What I Hope to Learn from Justice Stevens’ Papers on Kelo v. City of New London
Yesterday, the late Supreme Court Justice John Paul Stevens’ papers from the start of his career through 2005 were made public by the Library of Congress (see here for the official guide to this archive). One of the cases decided in 2005 was Kelo v. City of New London, the hugely controversial Takings Clause property rights decision in which Stevens wrote the majority opinion for a closely divided 5-4 Court. The Takings Clause of the Fifth Amendment says the government only take private property for a “public use.” In Kelo, a narrow 5-4 Supreme Court majority ruled that almost any potential public benefit qualifies as “public use,” thereby permitting the City of New London to take fifteen residential properties for purposes of transfer to a new private owner in order to increase “economic development.” The ruling had a big impact on debates over takings law (both in the United States and around the world), and generated a massive political reaction. Over 80% of the public opposed the decision, and 45 states passed new eminent domain reform laws.
It turns out that the Stevens papers contain four large folders of material about Kelo! Within the next 24 hours, copies of these files will be in my possession, and I hope they will shed light on a number of unanswered questions about the case. Having written a book about Kelo, I have an obvious interest in these issues. But they are also likely to be of interest to other scholars, people interested in property rights issues, and others.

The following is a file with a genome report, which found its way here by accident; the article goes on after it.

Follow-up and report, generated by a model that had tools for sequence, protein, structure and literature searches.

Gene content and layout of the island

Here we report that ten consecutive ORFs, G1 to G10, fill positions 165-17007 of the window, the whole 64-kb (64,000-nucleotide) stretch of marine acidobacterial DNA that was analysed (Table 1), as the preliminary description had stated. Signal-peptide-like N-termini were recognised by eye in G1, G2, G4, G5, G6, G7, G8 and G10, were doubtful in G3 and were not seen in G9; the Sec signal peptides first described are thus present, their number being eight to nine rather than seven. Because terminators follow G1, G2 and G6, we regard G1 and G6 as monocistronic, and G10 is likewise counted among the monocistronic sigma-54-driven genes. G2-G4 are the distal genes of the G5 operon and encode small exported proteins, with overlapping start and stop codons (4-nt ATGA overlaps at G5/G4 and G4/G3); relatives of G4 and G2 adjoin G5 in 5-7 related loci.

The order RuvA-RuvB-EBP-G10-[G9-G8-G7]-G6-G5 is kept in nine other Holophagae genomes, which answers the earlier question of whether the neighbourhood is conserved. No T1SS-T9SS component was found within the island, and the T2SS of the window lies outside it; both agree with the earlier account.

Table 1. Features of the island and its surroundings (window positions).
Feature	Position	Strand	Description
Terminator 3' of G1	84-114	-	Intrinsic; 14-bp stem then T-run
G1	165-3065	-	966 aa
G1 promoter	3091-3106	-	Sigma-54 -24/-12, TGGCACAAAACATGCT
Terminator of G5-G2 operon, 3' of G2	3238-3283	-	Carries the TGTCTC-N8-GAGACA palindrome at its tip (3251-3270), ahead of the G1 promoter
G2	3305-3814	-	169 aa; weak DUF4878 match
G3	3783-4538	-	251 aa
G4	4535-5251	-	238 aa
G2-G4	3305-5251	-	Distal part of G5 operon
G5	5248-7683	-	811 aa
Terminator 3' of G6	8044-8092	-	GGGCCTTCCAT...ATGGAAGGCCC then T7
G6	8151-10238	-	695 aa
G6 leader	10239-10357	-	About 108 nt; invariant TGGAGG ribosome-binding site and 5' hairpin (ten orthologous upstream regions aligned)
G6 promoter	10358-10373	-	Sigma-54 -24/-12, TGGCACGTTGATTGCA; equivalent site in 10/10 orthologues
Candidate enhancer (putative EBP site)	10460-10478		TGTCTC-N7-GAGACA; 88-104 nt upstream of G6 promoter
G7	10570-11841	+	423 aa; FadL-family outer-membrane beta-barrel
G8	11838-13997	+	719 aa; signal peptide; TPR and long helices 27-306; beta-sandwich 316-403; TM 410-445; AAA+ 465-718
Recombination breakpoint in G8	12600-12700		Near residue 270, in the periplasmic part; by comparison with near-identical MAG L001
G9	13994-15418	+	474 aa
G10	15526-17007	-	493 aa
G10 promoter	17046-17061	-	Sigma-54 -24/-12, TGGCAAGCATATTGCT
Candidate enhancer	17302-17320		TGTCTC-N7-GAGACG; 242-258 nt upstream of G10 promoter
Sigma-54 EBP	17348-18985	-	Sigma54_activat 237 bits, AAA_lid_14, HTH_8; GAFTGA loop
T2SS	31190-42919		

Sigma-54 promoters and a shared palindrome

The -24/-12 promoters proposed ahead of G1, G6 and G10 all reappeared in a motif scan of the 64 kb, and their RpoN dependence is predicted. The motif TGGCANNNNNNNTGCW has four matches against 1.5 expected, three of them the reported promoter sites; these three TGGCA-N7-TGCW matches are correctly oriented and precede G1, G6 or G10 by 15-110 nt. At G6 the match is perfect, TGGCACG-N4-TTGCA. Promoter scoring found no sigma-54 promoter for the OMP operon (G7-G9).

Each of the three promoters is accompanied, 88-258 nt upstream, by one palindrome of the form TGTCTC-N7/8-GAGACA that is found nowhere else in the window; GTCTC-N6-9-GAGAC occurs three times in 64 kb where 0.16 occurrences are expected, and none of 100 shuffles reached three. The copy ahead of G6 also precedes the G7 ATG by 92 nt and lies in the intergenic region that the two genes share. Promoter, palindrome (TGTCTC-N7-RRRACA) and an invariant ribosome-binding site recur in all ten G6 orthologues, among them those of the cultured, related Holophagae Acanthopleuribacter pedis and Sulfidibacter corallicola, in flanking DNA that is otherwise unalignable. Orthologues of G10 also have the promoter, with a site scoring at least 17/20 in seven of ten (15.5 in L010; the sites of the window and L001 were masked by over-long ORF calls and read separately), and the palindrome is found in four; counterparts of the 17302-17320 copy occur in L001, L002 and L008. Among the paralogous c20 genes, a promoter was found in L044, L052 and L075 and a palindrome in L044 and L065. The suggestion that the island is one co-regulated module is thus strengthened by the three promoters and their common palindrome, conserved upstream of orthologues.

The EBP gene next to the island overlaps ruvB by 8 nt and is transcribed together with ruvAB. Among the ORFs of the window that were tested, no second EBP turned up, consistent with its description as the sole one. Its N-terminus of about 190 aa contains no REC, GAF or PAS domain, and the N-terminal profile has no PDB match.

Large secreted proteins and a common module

We actually already know a lot about Justice Stevens’ thinking about Kelo, because he spoke and wrote about the subject extensively after he retired from Supreme Court in 2010. In a 2011 speech about the case and in his memoirs, published in 2019, Stevens admitted he had made a “somewhat embarrassing to acknowledge” error in his majority opinion, by misinterpreting precedent. He generously cited me as a “scholarly commentator” who “caught this issue shortly after we decided Kelo,” in an article I published in 2007. But Stevens continued to believe he got the result right, albeit for reasons very different from the rationale outlined in his majority opinion.
Despite these revelations, there are still a number of unanswered questions about the case that the Stevens papers may shed light on. Here are some things I hope to learn:
1. The ruling was a close 5-4 decision, with Justice Anthony Kennedy—the key swing voter—writing a hard-to-interpret concurring opinion. Was there ever any chance the case could go the other way? Did Kennedy flip a
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